The Chesapeake Bay Foundation rated the health of the Chesapeake a D-plus for 2020.
Among the reasons for the low grade: the plummeting score assigned to the status of the rockfish, or striped bass. That number in the fisheries category dropped 17 points.
William Baker, president of the Chesapeake Bay Foundation, blamed part of the problems on “ineffective management of striped bass.”
Chris Moore, a senior scientist with CBF, said, “Rockfish, often called striped bass here in the Chesapeake Bay region, are arguably the most important recreational and commercial fin fish we have in the Chesapeake Bay.”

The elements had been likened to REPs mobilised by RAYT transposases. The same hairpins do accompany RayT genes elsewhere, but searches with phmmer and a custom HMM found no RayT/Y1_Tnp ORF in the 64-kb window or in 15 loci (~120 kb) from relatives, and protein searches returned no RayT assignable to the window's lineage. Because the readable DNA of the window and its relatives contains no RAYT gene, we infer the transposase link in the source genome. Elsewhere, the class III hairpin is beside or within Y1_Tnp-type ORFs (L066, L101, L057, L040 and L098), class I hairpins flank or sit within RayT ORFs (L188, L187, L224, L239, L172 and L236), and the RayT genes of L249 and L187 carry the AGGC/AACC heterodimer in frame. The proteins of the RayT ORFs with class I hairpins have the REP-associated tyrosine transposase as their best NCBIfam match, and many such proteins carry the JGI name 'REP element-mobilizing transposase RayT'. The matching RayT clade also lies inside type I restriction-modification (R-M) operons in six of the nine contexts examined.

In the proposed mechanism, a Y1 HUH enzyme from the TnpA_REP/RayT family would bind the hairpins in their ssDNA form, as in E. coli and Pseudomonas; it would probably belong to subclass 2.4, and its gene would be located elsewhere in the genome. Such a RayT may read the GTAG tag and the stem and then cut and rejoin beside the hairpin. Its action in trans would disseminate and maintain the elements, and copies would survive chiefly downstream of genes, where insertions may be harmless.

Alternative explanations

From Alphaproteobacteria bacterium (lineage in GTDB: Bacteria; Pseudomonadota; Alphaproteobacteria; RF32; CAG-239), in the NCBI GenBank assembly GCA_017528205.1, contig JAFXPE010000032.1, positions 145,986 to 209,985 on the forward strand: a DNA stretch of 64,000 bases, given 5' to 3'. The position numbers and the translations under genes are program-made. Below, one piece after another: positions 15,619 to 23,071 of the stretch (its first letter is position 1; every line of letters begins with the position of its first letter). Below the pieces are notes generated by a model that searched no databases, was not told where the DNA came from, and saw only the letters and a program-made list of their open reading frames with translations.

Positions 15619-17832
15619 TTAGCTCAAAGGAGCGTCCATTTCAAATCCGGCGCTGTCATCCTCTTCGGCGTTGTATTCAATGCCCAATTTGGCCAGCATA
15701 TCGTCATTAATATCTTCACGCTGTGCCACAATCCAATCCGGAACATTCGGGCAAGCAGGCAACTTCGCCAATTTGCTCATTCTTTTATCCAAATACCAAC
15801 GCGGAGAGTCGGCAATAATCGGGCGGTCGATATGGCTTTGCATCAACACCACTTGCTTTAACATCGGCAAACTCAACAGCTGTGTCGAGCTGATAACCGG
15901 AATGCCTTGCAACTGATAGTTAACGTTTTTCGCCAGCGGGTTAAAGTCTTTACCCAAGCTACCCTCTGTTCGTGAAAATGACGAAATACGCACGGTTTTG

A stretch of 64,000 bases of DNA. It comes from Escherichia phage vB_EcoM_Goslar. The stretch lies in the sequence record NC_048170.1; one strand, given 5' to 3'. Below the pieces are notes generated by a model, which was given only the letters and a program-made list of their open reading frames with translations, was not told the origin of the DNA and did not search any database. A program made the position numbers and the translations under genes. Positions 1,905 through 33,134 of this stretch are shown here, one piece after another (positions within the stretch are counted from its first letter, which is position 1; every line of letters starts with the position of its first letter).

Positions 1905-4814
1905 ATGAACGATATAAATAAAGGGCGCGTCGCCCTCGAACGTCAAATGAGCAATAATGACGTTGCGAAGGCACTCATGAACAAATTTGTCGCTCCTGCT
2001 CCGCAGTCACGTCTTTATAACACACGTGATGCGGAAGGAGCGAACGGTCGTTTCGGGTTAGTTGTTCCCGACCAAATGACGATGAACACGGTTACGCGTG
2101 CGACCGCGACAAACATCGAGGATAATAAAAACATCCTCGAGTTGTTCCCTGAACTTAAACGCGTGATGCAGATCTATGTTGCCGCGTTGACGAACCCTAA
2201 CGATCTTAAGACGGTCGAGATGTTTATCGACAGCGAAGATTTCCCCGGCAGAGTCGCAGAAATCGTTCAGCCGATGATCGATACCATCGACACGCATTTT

Blue crabs did well, according to the report, with a 60 out of 100. That puts the blue crabs at a B+. Protection of the population of adult female crabs should be a focus of fishery managers, the report said.
Oysters, long a focus of restoration efforts in the Chesapeake Bay, got a grade of F. The report cites overharvesting, an argument that has generated debate in Annapolis. The report says “regulations implemented in Maryland have failed to reduce fishing rates or resolve overfishing.”